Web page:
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President Trump during a briefing on the status of Hurricane Dorian in September 2019. Photo: Bill O'Leary/The Washington Post via Getty Images

The Commerce Department inspector general released a report Thursday detailing how the National Oceanic and Atmospheric Administration (NOAA) defended President Trump's erroneous claims that last September's Hurricane Dorian would severely impact Alabama, the Washington Post reports.

Why it matters: The report found that pressure from the White House resulted in NOAA releasing an unsigned statement that confirmed the president's claim that Alabama was in the storm's path.

  • Though the IG concluded that NOAA's statement damaged its reputation and eroded public trust in the agency, the report provided no recommendations for punishing officials and did not propose specific policy changes.

Background: Trump said Alabama was threatened by the hurricane and later defended the claim with a doctored version of an official National Hurricane Center map illustrating Hurricane Dorian's path that appeared to show Alabama in the eye of the storm.

  • The Birmingham office of the National Weather Service debunked the president's assertion at the time, but NOAA said in a Sept. 6, 2019 statement that the Birmingham office's post was “inconsistent with probabilities from the best forecast products available at the time.”

What they're saying: “The broader, longer-term consequence is that NOAA’s rebuke of the NWS Birmingham office could have a chilling effect on NWS forecasters’ future public safety messages, as well as undercut public trust in NWS forecasts,” the report noted, per the Post.

  • “The Department’s and NOAA’s actions, in the words of one senior NOAA official, 'hit at the core' of NOAA,” the report concludes. “The Statement undercut the NWS’s forecasts and potentially undercut public trust in NOAA’s and the NWS’s science and the apolitical nature of that science.”
  • Craig McLean, then NOAA's acting chief scientist, said in a letter at the time that NOAA's "intervention to contradict" the Birmingham office's assertion on Dorian "was not based on science" and "simply put, political."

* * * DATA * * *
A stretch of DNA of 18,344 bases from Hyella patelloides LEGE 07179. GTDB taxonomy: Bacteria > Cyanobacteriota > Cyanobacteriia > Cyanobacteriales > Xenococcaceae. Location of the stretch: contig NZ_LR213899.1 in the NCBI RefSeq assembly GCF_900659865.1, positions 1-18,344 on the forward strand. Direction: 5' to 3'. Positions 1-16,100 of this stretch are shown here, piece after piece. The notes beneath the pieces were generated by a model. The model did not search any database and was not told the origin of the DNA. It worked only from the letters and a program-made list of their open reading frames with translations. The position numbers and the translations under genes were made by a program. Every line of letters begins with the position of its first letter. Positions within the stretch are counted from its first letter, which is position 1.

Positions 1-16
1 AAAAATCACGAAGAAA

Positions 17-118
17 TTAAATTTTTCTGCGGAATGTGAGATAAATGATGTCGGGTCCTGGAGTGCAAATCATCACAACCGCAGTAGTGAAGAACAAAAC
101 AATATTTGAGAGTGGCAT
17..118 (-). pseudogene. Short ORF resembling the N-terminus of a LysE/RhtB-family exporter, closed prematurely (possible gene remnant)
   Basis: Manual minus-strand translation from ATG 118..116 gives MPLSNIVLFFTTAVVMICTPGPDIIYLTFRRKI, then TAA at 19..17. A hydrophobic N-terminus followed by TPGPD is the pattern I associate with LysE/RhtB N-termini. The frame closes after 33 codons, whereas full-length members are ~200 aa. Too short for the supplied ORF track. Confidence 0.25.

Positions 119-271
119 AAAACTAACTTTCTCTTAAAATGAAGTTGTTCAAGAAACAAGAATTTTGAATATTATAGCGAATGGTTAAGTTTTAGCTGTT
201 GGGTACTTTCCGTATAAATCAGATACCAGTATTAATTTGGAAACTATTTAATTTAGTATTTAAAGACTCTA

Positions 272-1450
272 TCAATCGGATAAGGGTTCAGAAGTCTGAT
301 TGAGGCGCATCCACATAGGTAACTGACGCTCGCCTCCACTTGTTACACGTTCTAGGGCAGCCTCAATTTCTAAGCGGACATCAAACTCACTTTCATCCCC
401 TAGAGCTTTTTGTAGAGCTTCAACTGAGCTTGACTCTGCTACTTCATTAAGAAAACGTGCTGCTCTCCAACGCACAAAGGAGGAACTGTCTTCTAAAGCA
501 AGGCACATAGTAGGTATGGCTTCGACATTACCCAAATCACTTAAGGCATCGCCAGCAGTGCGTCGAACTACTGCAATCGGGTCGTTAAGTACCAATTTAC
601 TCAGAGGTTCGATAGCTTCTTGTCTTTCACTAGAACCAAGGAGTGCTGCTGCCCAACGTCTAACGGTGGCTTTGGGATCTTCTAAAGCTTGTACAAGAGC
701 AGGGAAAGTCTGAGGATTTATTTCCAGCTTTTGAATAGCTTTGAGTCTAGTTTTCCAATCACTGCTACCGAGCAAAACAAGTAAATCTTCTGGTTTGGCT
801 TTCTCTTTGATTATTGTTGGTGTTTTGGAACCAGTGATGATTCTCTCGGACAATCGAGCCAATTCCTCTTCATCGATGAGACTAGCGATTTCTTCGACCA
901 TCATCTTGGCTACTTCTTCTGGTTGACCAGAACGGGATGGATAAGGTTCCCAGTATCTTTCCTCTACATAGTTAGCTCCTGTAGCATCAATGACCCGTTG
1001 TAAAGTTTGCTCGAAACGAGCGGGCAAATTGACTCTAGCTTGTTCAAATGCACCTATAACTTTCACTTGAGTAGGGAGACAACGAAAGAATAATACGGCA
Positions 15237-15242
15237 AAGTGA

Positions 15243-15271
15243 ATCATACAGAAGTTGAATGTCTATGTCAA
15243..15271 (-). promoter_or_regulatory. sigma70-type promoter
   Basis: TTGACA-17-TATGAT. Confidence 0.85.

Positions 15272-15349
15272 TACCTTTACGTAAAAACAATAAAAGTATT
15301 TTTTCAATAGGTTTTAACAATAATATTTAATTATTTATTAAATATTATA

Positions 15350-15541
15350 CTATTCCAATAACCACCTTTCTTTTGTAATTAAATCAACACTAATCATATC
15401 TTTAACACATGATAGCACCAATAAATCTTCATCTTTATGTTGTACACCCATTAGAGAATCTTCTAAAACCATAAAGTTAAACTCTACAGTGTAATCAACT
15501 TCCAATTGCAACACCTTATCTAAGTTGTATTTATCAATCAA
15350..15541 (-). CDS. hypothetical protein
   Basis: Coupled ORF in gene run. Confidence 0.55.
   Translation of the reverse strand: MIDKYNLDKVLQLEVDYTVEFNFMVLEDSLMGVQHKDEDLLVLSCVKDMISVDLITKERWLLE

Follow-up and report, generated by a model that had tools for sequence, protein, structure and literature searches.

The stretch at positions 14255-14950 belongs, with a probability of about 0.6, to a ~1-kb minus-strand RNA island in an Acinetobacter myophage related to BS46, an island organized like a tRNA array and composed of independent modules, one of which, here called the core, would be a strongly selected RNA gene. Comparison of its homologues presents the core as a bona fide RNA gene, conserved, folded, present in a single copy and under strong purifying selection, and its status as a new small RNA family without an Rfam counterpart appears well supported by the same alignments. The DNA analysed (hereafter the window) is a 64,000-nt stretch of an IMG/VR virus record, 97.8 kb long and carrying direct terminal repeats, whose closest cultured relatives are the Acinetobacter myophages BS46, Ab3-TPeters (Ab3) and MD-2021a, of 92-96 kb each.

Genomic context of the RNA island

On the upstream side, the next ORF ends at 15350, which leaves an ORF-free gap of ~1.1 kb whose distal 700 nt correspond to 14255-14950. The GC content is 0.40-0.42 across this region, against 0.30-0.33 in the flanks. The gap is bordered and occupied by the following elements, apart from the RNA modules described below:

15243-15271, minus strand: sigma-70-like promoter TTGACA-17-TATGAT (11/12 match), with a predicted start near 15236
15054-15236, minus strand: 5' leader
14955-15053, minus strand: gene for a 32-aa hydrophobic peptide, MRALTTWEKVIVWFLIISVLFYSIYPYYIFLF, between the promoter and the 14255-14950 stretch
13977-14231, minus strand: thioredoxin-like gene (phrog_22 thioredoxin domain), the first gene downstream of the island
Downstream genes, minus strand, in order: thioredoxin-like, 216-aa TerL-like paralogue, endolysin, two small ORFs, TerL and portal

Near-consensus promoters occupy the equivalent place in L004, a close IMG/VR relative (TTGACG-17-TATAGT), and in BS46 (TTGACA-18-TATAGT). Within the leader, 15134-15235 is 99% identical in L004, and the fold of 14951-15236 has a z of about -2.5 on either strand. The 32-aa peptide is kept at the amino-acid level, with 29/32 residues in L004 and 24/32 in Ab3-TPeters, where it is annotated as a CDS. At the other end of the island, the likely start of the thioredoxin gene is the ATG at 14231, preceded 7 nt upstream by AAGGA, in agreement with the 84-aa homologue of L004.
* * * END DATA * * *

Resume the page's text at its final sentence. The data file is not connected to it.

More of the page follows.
Go deeper: Trump rails against Obama, FBI, Senate GOP after Supreme Court ruling

Go deeper

Hurricane Sally makes landfall in Alabama with "life-threatening storm surge"

A driver navigates along a flooded road as the outer bands of Hurricane Sally come ashore in Bayou La Batre, Alabama, on Tuesday. Photo: Joe Raedle/Getty Images

Hurricane Sally made landfall near Gulf Shores, Alabama, as a Category 2 storm on Wednesday morning, packing maximum sustained winds were 105 mph.

What's happening: "Historic and catastrophic flooding is unfolding along and just inland of the coast, from Tallahassee, Florida, to Mobile Bay, Alabama," the National Hurricane Center said, as the storm's eyewall was moving across the coast.

Virginia lawmakers vote to legalize marijuana in 2024

Virginia Gov. Ralph Northam. Photo: Alex Edelman/Getty Images

Lawmakers in Virginia on Saturday approved compromise legislation that would legalize marijuana in 2024, putting the state a step closer to becoming the first in the South to end prohibition on the drug, the Richmond Times-Dispatch reports.

Why it matters: The legislation will make Virginia the 16th state to legalize marijuana, per Politico. It would add to a slate of laws that have seen Virginia move in a more progressive direction during the tenure of Gov. Ralph Northam.

Scammers seize on COVID confusion

Data: FTC; Chart: Sara Wise/Axios

Scamming has skyrocketed in the past year, and much of the increase is attributed to COVID-related scams, more recently around vaccines.

Why it matters: The pandemic has created a prime opportunity for scammers to target people who are already confused about the chaotic rollouts of things like stimulus payments, loans, contact tracing and vaccines. Data shows that older people who aren't digitally literate are the most vulnerable.

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